Tales of Open Road

The Berry Express

... walking eastward along the tracks ...

Tales of the Open Road, by Bill Jodrey

There were many days during my adventures  that I'll remember at least through this life span.  Some days were bright and beautiful and it was simply wonderful to be alive and able to move about the U.S.A., in search of life, liberty, and the pursuit of happiness with little or no concern for personal safety.

One such day I was walking  eastward along the tracks approaching a water tower at which trains stopped to refill their water tanks in order to make steam which, of course, moved the train.  Two railroad workers were sitting in the shade of the tower eating their lunch and, as I stopped to chat, I was offered a sandwich and I, too, sat in the shade to eat it.

They explained the workings of the tower and said that a train known as the Berry Express was due in an hour but no one was allowed to ride on it because of the speed at which it traveled in order to go from coast to coast to bring fresh fruit and berries to Atlantic markets.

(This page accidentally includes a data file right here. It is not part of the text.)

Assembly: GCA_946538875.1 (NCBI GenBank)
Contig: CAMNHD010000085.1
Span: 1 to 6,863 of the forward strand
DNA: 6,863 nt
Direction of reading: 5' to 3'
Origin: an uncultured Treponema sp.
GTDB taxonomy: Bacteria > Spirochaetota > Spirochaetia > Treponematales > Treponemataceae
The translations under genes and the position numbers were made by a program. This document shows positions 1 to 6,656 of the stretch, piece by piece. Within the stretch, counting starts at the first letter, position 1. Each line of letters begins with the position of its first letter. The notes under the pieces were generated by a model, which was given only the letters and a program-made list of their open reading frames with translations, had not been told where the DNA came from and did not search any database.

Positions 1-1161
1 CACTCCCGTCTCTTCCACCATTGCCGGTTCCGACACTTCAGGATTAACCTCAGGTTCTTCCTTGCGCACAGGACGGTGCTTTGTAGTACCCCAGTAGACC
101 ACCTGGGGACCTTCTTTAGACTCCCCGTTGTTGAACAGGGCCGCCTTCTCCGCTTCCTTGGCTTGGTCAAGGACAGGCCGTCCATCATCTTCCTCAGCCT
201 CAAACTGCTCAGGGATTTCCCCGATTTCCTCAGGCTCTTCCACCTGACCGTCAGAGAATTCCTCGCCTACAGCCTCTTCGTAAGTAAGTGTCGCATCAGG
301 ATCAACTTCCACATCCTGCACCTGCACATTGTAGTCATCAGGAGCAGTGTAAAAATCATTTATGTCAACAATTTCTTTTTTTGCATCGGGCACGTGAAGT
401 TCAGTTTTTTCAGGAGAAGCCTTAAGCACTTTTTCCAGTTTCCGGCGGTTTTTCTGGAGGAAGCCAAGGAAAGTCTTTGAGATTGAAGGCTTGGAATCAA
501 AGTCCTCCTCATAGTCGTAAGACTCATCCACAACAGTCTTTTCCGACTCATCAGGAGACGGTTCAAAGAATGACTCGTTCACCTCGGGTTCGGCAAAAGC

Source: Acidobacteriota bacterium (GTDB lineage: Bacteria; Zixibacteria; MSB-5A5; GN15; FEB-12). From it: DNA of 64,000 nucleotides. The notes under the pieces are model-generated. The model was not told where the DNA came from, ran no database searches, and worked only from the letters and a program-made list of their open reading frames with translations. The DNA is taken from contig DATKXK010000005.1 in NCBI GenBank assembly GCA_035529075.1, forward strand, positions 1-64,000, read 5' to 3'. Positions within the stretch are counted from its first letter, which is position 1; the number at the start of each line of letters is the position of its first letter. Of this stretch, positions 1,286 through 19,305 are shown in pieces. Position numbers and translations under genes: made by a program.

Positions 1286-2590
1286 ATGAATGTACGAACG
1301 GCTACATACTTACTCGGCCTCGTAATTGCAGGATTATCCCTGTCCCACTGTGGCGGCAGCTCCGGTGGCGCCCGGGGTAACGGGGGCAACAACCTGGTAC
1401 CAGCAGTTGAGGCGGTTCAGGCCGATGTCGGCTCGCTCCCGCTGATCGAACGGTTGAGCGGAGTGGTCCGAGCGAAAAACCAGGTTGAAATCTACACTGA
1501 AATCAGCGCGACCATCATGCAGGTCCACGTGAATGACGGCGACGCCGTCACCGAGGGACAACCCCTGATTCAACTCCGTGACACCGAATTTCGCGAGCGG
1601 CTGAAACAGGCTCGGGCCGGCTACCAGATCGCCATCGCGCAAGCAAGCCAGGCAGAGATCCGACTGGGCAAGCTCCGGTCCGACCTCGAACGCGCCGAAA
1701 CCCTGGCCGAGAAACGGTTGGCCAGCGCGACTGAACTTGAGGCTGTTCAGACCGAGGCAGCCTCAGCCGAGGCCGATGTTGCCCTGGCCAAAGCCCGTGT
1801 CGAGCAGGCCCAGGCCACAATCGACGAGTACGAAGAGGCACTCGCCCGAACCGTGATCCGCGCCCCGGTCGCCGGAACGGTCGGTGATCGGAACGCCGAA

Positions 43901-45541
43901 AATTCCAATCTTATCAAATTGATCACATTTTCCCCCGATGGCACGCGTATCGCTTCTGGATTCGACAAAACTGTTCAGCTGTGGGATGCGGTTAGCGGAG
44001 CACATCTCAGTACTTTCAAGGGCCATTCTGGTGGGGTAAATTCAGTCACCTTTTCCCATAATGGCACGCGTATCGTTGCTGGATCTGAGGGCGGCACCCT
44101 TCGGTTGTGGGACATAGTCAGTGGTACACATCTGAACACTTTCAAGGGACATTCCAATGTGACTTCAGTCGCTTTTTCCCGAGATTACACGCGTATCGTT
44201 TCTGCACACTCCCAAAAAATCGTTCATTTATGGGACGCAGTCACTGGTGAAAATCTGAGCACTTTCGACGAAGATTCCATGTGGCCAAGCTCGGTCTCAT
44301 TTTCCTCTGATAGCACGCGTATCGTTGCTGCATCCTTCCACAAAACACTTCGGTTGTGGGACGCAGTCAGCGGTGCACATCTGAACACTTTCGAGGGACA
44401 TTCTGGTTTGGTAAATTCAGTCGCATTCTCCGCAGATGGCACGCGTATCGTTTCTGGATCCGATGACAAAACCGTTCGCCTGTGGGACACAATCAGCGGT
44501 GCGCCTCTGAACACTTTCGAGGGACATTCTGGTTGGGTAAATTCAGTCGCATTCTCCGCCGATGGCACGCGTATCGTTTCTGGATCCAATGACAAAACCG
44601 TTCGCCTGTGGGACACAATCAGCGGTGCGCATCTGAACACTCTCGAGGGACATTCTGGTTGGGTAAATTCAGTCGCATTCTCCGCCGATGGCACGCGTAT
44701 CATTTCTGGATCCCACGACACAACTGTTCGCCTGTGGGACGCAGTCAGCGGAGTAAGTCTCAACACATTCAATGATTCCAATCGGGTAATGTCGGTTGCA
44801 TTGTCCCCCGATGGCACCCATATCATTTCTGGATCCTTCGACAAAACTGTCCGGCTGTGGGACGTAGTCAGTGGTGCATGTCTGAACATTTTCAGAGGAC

I idled my time until I saw the train approaching and then I hid in the cattails until the train started to move, at which time I sprinted to catch a ladder and climbed aboard.  When I reached the top of the car, I was astonished to find seventy-two men stretched out along the tops of seven cars, which was forbidden by all the rules of the railroad.

No room was available so I moved forward and rode the Tender that carries water and coal to run the train.

For one scary period, as we were going down the slopes of the Rocky Mountains, the engineer said we were traveling at 78 miles an hour.  We had to hold on with all our strength to keep from being tossed or worse.

As we were on the water tank, of course, the soft coal fuel was in front of us and at high speed the wind of our passage simply caused a stream of coaldust to flow upon us.  Our clothes and bodies were not fit to look upon and once again, when we found a roundhouse, we absolutely had to strip and wash and wait out a drying period before we could let the world see us sans soot from the Berry Express.

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